At the height of Nirvana’s fame, Dave Grohl took the time after their concert in Rennes to give an interview to two students for a small French fanzine. He spent over 30 minutes talking about the band, the Seattle music scene, his parents, his love for Kerouac, Ginsberg and Burrough, and the ‘dreamachine’. We also discussed wider social issues such as abortion and the Native Americans. My friend was conducting the interview. I was sitting there looking at both of them, listening and thinking how nice and friendly Grohl was. He was very forthcoming with his answers and kindly let himself be photographed.

This photo was never published in the paper fanzine, only online a few good years later. I am to some extent also guilty of not providing context for the Nirvana fans . However, I situate it within the history of the fanzine Uzine. This is where this photo also tells a different story: mine, as a fan, zinester and photographer. I was there – part of the interview – I took the picture – I met a rock ‘n’ roll star.  But this photo also ended up contributing to the history of the band.

In the early 1990s, I was convinced that the distortion of reality was happening before my eyes, thus it was external to me. The artist was indeed putting on a show and in so doing distorting the truth. The person becoming the persona was the distortion and my camera was recording that very spectacle – it was recording the ‘truth’. What I did then was take photographs with a modest Canon EOS equipped with a basic lens. The negative films would be developed and paper prints done in a commercial lab. I would then develop extra copies for the fanzine using my own enlarger in my student flat’s attic. There was only little correction involved: at a push I would frantically wave my hand between the light and the paper to redress a particularly dark area, nothing more than that, and the use of a dot screen to improve the quality of the black and white photocopies.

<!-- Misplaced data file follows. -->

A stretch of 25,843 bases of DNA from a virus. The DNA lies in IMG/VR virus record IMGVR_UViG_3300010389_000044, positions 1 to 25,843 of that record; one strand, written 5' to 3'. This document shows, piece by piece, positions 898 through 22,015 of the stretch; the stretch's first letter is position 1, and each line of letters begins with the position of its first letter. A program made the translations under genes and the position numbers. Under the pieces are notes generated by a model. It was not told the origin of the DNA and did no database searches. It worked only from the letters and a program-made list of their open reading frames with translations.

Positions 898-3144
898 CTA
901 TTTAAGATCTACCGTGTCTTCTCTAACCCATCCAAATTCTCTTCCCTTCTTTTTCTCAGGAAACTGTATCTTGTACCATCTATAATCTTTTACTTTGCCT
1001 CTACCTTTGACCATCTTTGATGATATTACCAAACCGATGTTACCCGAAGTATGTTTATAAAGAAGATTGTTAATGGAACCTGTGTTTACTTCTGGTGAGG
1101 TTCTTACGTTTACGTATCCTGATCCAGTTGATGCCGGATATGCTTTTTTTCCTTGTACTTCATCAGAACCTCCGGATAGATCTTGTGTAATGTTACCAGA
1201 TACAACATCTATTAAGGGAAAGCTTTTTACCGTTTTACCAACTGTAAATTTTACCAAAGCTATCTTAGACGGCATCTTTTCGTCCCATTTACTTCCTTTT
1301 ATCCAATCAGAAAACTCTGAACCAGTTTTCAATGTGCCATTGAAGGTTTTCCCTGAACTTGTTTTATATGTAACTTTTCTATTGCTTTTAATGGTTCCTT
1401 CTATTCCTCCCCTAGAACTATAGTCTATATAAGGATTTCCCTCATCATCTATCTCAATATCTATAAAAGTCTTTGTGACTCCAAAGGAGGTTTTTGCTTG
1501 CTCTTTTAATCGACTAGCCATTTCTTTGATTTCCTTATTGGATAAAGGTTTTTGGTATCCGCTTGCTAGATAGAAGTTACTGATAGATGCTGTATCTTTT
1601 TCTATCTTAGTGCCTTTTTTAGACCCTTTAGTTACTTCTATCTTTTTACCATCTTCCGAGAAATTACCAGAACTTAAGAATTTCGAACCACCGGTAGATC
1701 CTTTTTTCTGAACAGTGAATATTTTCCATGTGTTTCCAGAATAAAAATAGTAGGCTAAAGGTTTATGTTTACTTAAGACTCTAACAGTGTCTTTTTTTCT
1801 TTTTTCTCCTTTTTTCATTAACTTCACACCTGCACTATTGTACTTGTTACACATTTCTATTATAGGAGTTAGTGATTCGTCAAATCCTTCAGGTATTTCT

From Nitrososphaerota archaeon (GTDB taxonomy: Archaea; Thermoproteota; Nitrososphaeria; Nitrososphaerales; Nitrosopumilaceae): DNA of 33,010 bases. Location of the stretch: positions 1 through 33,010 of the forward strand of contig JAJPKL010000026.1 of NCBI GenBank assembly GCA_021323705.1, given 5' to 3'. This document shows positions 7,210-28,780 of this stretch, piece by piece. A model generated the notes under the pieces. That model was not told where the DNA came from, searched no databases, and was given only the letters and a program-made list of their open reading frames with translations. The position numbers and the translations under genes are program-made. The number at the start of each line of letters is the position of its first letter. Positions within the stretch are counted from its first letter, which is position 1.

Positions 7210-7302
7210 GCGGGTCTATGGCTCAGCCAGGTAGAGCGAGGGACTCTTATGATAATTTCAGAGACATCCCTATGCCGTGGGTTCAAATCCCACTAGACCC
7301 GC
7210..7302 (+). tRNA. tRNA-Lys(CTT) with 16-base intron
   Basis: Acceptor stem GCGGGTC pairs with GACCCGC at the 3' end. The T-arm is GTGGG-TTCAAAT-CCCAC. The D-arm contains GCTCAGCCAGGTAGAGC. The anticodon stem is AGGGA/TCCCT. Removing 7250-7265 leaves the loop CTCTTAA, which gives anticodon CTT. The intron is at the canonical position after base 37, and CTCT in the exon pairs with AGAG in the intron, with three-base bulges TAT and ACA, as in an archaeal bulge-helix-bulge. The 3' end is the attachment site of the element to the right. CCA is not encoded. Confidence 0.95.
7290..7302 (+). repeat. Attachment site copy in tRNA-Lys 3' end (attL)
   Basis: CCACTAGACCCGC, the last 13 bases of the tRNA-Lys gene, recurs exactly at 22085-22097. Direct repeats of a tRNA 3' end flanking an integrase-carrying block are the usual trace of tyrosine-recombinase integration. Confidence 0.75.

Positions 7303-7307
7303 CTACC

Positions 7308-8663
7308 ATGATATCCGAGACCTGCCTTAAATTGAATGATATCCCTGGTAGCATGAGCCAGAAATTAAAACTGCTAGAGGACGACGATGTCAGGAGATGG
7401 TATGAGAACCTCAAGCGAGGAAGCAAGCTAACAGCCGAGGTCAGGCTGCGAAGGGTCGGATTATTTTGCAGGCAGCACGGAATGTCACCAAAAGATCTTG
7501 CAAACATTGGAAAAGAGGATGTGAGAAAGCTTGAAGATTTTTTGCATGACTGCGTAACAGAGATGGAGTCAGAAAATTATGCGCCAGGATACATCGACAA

I now realise that I may be constructing altered realities, although I have no intention of drawing a constructed identity out of artists onstage and I certainly do not have the pretence to be able to do so in three songs, in a concert situation with extremely low light conditions. No. The constructed altered realities are the realities of the fan that I am. Perhaps the change in perception stems from a deeper understanding of my own fandom.

The Fiskian’s semiotically productive category, whereby the fan creates their own meaning out of what their object of fandom produces (Fisk, 1992: 37), applies to all fans. For example, in my case, it is through the music of The Cure that I developed a sense of identity and empowerment. It is through their music that I mourned the death of my brother. Yet, for some fans there is more to constructing meaning out of my favourite band’s music. Indeed some, like me, have a need to go beyond this interior monologue with their favourite artist’s music and engage in textual productivity (Fisk, 1992: 39) to become cultural agents themselves.